These are some of the stories central Maine is talking about today.

A jury has convicted a Waterville man of stabbing to death a 92-year-old man and stealing jewelry from his home. A jury convicted 46-year-old Roland Cummings of Waterville of killing Aurele Fecteau in May 2014. A forensic analyst testified that DNA from the turned-out pockets of Fecteau's pants linked Cummings to the crime. The state's chief medical examiner testified that Fecteau had been stabbed 16 times. The prosecutor argued that Cummings knew Fecteau had money, which he stole and used to support his drug habit. No sentencing date has been set. (AP)

The Kennebec County district attorney says former Waterville Senior High School Principal Don Reiter is charged with a misdemeanor for asking a student for sex in August. District Attorney Maeghan Maloney says Reiter won't be charged with attempted gross sexual assault because the alleged victim was 18 years old. The misdemeanor he was charged with on Thursday is punishable by up to six months in jail. The Waterville Board of Education fired Reiter on Monday. He had been on administrative leave since Aug. 27 while school officials investigated the allegation. Reiter's attorney says the facts of the case are disputed. He also says it's a stretch for the district attorney to use an anti-corruption statute in the case. Reiter is charged with official oppression. (AP)

Police say a woman who was shot in the head in a supermarket parking lot  as her boyfriend showed a handgun to a prospective buyer has died. An autopsy of 22-year-old Chelsea Jones of Thomaston is scheduled for Friday. She was sitting in the front passenger seat of an SUV at a Shaw's Supermarket in Bath when the shooting occurred on Monday. Police say her boyfriend, 23-year-old Dylan Grubbs of Thomaston was showing the gun outside the SUV when it went off. They have said he is cooperating with the investigation. State and local police are still investigating the circumstances of the shooting. (AP)

Augusta City councilors agreed to ban the demolition of historic buildings for the next six months. According to the KJ, the council’s decision, made over the objection of property owners, prohibits for 180 days the destruction of any historic building in the new historic district currently under consideration. The moratorium officially goes into effect in 10 days, though city attorney said before the meeting that state statute prohibits any historic buildings in the proposed district from being destroyed before that, so it affects things immediately. (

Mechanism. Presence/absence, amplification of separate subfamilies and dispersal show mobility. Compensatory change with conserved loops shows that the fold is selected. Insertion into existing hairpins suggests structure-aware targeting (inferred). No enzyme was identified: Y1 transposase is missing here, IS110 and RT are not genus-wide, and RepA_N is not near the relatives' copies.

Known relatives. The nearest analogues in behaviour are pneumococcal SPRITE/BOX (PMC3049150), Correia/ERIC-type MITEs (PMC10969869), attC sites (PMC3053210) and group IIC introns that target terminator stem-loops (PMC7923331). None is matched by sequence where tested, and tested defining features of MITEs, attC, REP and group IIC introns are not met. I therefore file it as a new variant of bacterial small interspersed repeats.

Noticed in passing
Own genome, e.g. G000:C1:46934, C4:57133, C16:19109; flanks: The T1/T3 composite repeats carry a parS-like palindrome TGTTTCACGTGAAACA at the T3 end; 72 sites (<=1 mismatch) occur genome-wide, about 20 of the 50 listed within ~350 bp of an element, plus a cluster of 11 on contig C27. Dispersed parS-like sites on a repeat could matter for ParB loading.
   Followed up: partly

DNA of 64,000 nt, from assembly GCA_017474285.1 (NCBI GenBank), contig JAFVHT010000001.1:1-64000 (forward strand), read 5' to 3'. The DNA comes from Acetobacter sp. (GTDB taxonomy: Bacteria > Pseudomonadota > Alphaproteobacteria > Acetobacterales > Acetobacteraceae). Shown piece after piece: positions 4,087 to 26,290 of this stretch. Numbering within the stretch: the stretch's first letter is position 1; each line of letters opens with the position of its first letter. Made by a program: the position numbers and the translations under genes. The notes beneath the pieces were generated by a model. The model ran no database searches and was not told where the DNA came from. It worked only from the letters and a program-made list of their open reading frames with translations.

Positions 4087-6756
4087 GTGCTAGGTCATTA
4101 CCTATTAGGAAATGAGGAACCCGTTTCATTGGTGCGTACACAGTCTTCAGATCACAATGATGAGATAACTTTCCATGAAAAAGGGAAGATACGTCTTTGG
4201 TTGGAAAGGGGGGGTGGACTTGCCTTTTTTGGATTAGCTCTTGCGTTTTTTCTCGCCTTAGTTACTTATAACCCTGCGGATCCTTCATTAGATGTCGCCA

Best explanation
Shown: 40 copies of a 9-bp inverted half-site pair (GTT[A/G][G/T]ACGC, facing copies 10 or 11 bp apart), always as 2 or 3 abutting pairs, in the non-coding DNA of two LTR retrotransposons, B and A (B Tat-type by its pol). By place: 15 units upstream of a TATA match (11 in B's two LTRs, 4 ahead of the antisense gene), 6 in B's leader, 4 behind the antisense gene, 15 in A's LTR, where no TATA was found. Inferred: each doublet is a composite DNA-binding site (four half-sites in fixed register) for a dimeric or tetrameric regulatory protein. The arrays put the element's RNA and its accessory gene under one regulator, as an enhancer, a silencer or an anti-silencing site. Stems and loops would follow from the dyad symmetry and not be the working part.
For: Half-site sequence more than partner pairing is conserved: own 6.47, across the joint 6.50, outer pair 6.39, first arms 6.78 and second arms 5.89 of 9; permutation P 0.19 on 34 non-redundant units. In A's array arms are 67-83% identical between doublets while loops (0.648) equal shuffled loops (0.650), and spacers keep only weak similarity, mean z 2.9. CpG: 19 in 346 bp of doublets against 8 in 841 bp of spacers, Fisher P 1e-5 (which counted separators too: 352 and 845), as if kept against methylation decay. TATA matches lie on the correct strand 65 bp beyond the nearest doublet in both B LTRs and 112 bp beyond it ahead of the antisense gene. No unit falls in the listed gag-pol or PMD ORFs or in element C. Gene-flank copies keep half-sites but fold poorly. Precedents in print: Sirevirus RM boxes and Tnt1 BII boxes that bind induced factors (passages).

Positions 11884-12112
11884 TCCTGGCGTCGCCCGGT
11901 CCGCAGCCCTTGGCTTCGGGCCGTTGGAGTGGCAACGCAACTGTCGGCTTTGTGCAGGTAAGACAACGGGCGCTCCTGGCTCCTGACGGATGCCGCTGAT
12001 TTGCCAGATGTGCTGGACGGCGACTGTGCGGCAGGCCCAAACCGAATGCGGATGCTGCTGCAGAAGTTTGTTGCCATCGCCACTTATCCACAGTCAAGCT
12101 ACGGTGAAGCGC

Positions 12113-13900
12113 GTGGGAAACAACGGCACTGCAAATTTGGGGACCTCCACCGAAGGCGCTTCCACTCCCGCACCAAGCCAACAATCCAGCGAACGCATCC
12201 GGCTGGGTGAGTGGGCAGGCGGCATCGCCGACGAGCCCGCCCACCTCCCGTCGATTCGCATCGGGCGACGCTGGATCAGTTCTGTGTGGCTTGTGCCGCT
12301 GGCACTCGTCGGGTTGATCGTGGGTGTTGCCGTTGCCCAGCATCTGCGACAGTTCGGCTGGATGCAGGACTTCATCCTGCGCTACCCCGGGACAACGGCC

FBI Director James Comey says there's no credible threat to the United States following the Paris terror attacks. Comey says he's aware the Islamic State group and its supporters often issue propaganda in videos and magazines boasting about their plans and capabilities. But, he says, "that is not credible intelligence." In a news conference Thursday, Comey said the FBI is closely tracking dozens of people who could be prone to violence. (AP)

Local media say Thursday night's protests were mostly peaceful following the fatal shooting of a black man by Minneapolis police. The shooting of 24-year-old Jamar Clark on Sunday sparked days of demonstrations, and protesters have been camped out since the shooting. Police say two men were arrested Thursday night for allegedly spray-painting profane messages on the walls and windows of a police precinct building. (AP)

Former Subway spokesman Jared Fogle has been sentenced to more than 15 years for trading in child pornography and paying for sex with underage girls. The 38-year-old had ask for leniency, telling the judge in Indianapolis Thursday that he had succumbed to self-centered "deception and lies." But Judge Tanya Walton Pratt wasn't swayed, and gave him a harsher sentence than the 12½ years prosecutors wanted. Fogle also will have to submit to a lifetime of post-prison supervision. (AP)